If I have any concerns about the patient I will let a senior member of staff know and I will also let the patient’s carer or family members know. I will discuss the issue with them in private and explain why I am concerned. I will then seek ways to resolve this with either the senior member of staff or the family members or carer. If it cannot be resolved I will then discuss what the next best step is and may also contact the PALS team.In a situation where I am concerned about the nutrition and hydration of a patient I am caring for I will speak directly to a senior member of staff, the patient’s carer and / or family members too. I will discuss any concerns I have in private with the staff member, carer or family members which may include things like the patient being dehydrated or reacting to a certain food and see what I can do to resolve this. I can then increase fluid intake, give the patient something for the reaction and make a change in their care plan.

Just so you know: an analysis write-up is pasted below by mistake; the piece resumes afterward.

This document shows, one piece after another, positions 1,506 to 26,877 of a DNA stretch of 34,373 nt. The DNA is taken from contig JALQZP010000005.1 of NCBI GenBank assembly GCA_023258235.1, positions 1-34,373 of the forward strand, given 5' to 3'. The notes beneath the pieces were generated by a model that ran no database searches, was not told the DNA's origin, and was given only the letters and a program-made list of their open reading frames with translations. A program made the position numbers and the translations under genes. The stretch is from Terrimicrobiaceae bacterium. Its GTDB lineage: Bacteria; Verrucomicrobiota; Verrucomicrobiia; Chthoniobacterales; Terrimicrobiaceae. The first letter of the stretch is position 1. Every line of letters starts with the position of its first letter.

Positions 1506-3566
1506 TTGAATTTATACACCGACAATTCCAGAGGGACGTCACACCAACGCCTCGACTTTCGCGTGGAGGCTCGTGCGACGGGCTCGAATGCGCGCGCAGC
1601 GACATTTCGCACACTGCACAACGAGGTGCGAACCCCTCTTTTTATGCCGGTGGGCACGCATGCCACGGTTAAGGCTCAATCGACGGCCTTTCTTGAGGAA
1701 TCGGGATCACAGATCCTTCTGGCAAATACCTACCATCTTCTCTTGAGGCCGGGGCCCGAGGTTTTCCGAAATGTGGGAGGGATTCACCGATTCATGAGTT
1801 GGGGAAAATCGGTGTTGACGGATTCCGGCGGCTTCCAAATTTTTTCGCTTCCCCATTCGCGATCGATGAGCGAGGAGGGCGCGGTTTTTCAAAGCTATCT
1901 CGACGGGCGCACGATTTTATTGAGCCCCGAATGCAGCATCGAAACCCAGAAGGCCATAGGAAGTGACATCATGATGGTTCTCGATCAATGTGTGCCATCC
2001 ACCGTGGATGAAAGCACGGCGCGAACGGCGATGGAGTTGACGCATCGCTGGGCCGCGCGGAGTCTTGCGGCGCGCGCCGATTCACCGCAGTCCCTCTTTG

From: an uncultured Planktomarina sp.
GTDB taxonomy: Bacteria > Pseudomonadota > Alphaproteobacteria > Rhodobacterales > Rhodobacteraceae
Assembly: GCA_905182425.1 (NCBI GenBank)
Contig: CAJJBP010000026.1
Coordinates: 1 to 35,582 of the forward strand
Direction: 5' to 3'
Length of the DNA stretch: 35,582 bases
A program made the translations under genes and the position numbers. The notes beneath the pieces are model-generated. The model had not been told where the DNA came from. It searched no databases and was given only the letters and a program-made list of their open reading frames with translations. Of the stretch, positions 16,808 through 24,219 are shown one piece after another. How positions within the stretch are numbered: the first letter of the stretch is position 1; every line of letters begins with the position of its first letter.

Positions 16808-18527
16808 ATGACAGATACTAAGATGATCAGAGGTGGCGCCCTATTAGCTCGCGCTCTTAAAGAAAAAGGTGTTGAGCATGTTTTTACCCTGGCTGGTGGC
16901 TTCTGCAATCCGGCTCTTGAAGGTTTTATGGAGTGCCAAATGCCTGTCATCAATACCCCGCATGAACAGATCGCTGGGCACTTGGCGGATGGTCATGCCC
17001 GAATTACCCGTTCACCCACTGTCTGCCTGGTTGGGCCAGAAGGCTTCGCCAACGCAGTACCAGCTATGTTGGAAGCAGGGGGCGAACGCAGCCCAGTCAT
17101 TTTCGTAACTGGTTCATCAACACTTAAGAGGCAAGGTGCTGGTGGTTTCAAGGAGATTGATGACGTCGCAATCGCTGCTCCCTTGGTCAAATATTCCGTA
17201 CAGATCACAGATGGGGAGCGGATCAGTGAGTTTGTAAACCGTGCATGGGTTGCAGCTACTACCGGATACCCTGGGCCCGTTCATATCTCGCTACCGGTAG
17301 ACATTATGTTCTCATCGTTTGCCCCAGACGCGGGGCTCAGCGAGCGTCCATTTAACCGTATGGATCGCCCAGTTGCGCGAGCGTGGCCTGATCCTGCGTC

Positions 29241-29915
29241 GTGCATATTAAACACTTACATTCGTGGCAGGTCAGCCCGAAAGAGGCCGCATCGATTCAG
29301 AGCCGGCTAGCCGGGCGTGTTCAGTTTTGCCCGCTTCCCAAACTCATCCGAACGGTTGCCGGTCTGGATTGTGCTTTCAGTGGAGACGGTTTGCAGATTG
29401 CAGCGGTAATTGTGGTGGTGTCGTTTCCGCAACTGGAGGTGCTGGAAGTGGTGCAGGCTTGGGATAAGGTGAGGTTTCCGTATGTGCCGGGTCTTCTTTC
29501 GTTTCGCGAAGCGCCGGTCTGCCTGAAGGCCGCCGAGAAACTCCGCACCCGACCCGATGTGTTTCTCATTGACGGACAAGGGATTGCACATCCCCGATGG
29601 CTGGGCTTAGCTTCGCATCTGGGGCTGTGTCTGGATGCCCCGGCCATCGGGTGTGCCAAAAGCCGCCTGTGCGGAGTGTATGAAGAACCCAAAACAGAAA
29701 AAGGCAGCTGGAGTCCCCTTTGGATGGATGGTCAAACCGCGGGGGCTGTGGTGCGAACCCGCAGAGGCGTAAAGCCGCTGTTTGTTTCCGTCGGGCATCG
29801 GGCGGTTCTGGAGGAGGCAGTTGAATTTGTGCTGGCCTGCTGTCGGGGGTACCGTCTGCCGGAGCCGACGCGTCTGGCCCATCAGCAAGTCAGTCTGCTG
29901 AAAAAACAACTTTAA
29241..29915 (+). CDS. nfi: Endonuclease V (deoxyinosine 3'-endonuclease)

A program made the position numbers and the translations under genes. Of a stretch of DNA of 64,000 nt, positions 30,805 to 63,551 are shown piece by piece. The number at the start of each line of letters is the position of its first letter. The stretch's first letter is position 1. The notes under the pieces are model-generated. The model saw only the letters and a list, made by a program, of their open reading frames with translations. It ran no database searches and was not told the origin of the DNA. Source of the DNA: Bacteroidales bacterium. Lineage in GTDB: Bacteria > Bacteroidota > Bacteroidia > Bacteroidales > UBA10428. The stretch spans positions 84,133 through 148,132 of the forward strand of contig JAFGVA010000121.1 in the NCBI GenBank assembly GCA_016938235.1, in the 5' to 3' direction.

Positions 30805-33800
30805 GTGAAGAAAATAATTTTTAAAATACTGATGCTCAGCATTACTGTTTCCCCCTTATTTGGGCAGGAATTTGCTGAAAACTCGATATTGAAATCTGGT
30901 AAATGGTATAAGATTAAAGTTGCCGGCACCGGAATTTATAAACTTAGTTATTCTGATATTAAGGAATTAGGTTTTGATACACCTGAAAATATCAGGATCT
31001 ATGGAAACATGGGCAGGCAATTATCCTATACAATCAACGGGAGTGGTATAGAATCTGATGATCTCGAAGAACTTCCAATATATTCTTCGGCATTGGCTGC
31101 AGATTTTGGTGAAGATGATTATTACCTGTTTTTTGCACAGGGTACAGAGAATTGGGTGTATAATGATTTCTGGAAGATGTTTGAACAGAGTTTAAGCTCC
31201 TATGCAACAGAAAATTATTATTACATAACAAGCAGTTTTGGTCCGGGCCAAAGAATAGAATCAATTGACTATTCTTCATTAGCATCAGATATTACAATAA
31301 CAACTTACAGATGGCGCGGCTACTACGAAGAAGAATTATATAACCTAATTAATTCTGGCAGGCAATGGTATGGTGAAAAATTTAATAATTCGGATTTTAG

If a patient is experiencing mental health conditions such as depression, for example, they may have low mood, feel helpless, increased tiredness, lack motivation and feel irritable. They may also not want to interact with family members or carers. Patient’s that deal with conditions such as anxiety may have increased heart rate and feel like they have loss of control; they may also have negative thoughts. If a patient suffers from dementia, they can feel confused, scared and irritated. They may also misplace their belongings, feel unsure of their surroundings and forget details; it is easy for patients with dementia to get lost in the hospital. As living with dementia is difficult, the patients may feel like they are becoming a burden for their family or carers.
If patients have learning difficulties they may need extra support, lack self-awareness or may have problems communicating their needs verbally which could result in them feeling frustrated.